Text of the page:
Top tax tips for SMEs and PAYGs

With the end of the financial year just around the corner, now is the perfect time to think about your tax and what you can do to give your tax refund a much needed boost. We’ve highlighted the five top tax tips for both small business owners and pay as you go employees.

Top 5 for PAYG employees

1

Know what you can claim

As a PAYG employee, you may be able to claim deductions
for a range of expenses, most of which directly relate to your
income. Some of the expenses you can possibly claim include:
vehicle and travel expenses, clothing and dry-cleaning
expenses, charitable donations, home office expenses and
self-education expenses. The rules for deductions are very
complex and restrictive, so take this as a rough guide only.

2

Keep your receipts

It’s important for you to keep a record (receipts) of the
various purchases/expenses you plan to claim, so make sure
you have a good filing system in place.

3

Get your insurance in order

Singles who earn over $90,000 a year, without private
hospital insurance, may be charged a Medicare Levy
Surcharge. Depending on how much you earn, the Medicare
Levy Surcharge could cost you thousands of dollars each
year, so get your insurance in order.

4

Rental property claims

If you have a rental property, it's possible to claim
appropriate capital works and capital allowances
(depreciation) deductions. Your accountant can identify
what you can claim as a property investor.

5

Salary sacrificed superannuation contributions

Salary sacrificed super contributions offer a simple way to
save on tax and build wealth. It involves having part of your
before-tax salary paid into your super rather than taking the
money as cash in hand. These contributions are taxed at 15%,
which is likely to be below your marginal tax rate (which
could be as high as 46.5%).

Beware: phishing scams

 

While it’s important to do what you can to ensure you maximise your tax refund this year, it's also imperative that you keep your eyes peeled for tax phishing scams. These days, phishing scams are more sophisticated than ever before, with scammers creating websites and forms that mimic something you may receive from the Australian Tax Office (ATO). To successfully avoid phishing scams, it’s important to know the tell-tale signs of a scam. In a nutshell, the ATO will not ask you over email to disclose your credit card details or other personal information. So, if you receive an email asking you to divulge personal information, delete it immediately and then contact the ATO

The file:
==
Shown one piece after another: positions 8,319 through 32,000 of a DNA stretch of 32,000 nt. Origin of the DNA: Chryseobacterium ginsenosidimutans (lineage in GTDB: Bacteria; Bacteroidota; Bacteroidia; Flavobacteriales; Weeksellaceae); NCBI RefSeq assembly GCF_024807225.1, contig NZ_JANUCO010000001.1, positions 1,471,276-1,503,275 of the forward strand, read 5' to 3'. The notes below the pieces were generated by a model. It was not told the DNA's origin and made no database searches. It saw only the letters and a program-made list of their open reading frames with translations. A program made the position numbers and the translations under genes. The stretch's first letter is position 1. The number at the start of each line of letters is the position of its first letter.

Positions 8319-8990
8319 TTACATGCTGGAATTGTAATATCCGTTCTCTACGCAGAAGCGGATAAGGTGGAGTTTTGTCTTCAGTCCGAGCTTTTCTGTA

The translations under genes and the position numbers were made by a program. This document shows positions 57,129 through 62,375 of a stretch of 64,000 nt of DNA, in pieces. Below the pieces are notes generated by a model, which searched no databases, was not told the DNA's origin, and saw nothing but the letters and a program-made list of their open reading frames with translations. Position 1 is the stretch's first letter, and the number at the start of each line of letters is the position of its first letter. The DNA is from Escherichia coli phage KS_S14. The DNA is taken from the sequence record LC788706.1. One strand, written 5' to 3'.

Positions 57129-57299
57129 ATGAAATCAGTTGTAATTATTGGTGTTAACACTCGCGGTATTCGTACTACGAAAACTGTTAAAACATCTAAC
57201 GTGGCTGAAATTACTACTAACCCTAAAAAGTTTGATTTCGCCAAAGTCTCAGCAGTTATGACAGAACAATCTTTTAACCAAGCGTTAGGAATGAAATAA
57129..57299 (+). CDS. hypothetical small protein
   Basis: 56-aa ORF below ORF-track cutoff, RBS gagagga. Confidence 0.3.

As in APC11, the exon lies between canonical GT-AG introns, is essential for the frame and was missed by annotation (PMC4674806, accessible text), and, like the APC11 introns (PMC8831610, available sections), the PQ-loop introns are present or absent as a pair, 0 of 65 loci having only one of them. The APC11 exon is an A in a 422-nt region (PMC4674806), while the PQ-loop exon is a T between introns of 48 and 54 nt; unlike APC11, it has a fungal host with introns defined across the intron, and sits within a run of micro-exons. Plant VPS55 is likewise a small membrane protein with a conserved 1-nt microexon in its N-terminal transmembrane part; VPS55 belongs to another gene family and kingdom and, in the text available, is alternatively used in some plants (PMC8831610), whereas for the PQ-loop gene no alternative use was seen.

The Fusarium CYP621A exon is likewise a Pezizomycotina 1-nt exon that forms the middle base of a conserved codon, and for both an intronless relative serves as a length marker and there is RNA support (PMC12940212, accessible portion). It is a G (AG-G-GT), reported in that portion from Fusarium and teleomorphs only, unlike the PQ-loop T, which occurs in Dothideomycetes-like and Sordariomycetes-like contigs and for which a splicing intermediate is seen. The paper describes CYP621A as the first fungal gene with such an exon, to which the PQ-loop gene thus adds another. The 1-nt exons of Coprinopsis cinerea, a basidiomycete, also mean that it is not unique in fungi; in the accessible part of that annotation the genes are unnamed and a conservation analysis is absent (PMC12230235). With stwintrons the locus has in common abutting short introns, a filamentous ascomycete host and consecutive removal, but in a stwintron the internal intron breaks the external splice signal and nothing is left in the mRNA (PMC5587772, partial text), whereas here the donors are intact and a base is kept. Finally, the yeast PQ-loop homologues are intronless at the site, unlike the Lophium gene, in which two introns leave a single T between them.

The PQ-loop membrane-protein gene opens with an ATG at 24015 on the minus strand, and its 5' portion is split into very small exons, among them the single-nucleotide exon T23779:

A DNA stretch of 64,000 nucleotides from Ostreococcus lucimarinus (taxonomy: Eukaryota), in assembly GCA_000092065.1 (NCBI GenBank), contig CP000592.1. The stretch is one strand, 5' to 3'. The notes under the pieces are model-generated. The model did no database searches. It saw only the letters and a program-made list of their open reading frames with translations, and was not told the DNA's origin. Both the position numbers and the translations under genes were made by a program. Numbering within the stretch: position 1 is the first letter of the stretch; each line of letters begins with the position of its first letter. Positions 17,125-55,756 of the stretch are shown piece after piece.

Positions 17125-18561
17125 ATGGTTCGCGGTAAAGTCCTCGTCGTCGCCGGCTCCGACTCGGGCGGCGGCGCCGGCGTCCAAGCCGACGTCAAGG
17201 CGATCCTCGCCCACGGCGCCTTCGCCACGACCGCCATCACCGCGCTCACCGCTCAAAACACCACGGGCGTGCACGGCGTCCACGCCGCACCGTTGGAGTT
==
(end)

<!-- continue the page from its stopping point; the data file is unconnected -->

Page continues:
to let them know what has happened. You should treat all emails regarding your tax position
(except those sent by a reputable source, like your accountant) as suspicious.
It’s also important to keep your computer secure. Update your firewall and antivirus software on a regular basis to make sure you and your personal details are protected. 

Top 5 tax tips for SMEs

1

Maximise asset write-off

Businesses with an annual turnover of less than $2 million
are entitled to immediately write-off depreciating assets
that cost less than $20,000 each, as long as those assets are
bought before 30 June 2017. If you are yet to take advantage
of this business incentive, speak to your broker today about
your asset and equipment finance needs.

2

Take advantage of all deductions

Some of the more common tax deductions you should take
advantage of include: office maintenance and repairs, home
office expenses, vehicle and other travel expenses and office
running costs such as gas, electricity, wages and utilities.

3

Speak to a professional

Using a professional to complete your tax return can make a
huge difference to you, your business and your bottom line.
Not only will a professional accountant know exactly what
you can and cannot claim, but they will ensure your tax
return is submitted on time.

4

Rental property claims

If you have a rental property, it's possible to claim
appropriate capital works and capital allowances
(depreciation) deductions. Your accountant can identify
what you can claim as a property investor.

5

Salary sacrificed superannuation contributions

Salary sacrificed super contributions offer a simple way to
save on tax and build wealth. It involves having part of your
before-tax salary paid into your super rather than taking the
money as cash in hand. These contributions are taxed at 15%,
which is likely to be below your marginal tax rate (which
could be as high as 46.5%).